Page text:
Test scores show declines in reading and math for Maine students
AUGUSTA, Maine (WMTW) - Newly released standardized test results show participating Maine fourth and eighth graders scoring at or below the national average in reading and math.
The results come as every state in the nation saw declines in scores due, at least in part, to pandemic-related learning disruptions.
The scores from the National Assessment of Education Progress represent the first national standardized test of this kind conducted since 2019.
- In fourth grade reading, Maine scored 213 out of 500, below the national average of 216 and below the 2019 score of 221.
- In eighth grade reading, Maine scored 257, below the national average of 259 and below the 2019 score of 265.
- In fourth grade mathematics, Maine scored 233, down from 241 in 2019 and below the national average of 235.
- In eighth grade mathematics, Maine scored 273, down from 282 in 2019 and equal to the national average.
“These tests are for improving the learning experience of our kids,” said Sam Pfeifle, School Board Chair for MSAD 15 in Gray-New Gloucester.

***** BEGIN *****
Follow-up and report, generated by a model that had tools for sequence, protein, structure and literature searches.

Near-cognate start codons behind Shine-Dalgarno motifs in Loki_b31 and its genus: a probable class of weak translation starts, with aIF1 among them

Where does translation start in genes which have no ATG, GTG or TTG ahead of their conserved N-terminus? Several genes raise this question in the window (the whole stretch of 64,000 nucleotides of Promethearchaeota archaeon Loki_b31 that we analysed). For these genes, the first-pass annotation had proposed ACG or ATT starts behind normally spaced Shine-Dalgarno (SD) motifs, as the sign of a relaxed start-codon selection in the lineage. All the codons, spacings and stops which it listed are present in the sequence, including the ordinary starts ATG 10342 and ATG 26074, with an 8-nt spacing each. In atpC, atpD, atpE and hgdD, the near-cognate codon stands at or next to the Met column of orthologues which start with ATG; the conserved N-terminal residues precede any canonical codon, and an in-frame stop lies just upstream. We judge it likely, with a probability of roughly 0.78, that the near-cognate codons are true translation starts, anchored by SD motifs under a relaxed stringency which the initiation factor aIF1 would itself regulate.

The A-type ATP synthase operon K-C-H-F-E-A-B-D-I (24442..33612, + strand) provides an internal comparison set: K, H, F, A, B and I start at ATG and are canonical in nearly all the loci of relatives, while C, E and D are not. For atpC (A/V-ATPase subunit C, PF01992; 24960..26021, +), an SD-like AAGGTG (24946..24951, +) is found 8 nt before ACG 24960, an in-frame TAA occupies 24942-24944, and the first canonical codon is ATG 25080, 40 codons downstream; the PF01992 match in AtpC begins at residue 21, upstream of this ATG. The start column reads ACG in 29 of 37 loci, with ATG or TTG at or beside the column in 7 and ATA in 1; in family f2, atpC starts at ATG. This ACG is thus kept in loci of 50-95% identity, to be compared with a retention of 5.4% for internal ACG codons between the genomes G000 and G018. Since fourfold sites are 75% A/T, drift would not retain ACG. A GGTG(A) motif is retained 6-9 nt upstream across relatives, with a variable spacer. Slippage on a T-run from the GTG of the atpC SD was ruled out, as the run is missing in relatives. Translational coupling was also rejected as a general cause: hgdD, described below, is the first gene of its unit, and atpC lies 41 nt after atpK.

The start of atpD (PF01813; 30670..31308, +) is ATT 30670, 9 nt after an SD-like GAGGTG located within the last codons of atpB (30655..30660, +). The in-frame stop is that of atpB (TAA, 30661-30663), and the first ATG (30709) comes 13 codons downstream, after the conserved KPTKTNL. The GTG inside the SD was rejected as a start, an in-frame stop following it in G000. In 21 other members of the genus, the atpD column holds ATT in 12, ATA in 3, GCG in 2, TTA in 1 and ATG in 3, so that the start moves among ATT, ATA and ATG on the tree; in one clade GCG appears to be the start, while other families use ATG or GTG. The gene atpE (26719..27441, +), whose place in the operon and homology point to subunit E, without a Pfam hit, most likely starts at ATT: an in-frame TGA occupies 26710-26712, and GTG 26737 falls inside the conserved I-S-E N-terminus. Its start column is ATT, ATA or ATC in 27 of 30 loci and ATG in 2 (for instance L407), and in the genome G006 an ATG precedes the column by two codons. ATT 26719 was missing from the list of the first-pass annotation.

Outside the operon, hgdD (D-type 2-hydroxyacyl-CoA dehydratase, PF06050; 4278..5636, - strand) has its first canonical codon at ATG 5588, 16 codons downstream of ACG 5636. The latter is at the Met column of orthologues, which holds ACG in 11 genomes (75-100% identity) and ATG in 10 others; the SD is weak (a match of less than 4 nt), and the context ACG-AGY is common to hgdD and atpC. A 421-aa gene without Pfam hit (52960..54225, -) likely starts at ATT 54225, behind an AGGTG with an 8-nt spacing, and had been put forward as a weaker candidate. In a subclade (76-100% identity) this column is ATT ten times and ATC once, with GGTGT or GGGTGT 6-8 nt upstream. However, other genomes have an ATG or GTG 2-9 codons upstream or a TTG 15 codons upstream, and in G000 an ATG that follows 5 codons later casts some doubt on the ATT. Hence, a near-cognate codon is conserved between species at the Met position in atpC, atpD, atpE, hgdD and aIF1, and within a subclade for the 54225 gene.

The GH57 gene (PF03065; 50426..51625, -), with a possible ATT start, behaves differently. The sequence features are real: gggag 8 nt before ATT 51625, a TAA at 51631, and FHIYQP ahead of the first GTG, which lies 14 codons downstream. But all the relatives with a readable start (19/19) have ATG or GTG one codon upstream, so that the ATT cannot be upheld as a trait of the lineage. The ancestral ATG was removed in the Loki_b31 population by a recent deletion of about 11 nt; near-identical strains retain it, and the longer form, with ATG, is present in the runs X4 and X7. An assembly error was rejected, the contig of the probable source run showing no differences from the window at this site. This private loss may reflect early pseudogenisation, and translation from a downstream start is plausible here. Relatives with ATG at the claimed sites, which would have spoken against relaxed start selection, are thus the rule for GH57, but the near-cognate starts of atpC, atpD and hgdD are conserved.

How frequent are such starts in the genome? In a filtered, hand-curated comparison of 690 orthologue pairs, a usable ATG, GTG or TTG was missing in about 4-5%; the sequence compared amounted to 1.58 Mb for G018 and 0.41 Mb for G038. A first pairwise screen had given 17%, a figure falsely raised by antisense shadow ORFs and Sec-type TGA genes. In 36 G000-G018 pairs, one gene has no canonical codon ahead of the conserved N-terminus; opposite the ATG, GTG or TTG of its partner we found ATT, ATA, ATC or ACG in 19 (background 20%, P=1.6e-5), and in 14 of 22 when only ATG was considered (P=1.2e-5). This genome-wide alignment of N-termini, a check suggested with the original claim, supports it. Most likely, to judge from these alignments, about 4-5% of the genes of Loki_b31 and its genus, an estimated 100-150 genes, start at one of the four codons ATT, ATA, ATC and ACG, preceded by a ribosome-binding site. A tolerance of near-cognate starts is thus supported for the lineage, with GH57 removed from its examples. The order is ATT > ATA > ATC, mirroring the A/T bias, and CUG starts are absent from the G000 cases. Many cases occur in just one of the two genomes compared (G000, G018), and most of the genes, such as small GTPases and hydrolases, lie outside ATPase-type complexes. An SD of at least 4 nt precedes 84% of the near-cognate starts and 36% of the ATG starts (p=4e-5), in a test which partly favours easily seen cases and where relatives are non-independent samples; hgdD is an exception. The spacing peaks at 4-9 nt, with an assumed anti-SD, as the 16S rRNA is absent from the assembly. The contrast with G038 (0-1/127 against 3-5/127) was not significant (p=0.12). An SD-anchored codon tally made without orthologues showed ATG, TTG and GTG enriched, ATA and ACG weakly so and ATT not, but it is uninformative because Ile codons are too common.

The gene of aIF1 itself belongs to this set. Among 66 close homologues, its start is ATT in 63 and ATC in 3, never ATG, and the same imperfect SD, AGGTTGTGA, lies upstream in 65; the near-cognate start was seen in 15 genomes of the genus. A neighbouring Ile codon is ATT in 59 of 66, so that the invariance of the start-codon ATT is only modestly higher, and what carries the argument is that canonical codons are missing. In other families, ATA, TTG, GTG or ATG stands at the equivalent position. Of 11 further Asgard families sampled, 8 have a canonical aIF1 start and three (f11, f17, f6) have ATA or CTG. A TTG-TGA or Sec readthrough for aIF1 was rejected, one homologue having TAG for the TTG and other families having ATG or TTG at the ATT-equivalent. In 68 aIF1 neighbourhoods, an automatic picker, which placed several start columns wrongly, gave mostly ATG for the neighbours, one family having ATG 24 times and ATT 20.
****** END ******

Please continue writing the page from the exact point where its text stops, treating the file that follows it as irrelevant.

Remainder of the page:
Pfeifle says understanding these results is about managing expectations.
For teaching during the pandemic, Pfeifle thinks Maine educators deserve credit.
“Even with all of that, our teachers and our schools still managed to deliver 97% of the same amount of learning. I find that to be remarkable,” Pfeifle said.
Maine’s average score of 213 among fourth graders in mathematics marks the lowest score in the category in roughly 30 years.
“This is concerning to us that this is the first time that we’ve fallen behind the national average,” said Nick Murray of the conservative-leaning Maine Policy Institute.
Murray blames pandemic-related school closures on the decline.
“It’s the worst score for fourth grade math in 20 years. I think it’s a sad and predictable result of the fact that, you know, we kept schools closed, we disrupted the lives of children,” Murray said.
The Maine Department of Education said Commissioner Pender Makin was not available for an interview but provided a lengthy statement written by the DOE’S director of communications Marcus Mrowka.
“The NAEP assessment, administered once every other year, provides a limited and narrow snapshot,” Mrowka wrote.
“The Maine state assessment for the 2021-2022 school year indicates that roughly 80 percent of students tested at or above their grade level compared to national norms,” Mrowka added.
Pfeifle hopes other districts also measure progress with a range of data, tailor curriculum and offer individualized support.
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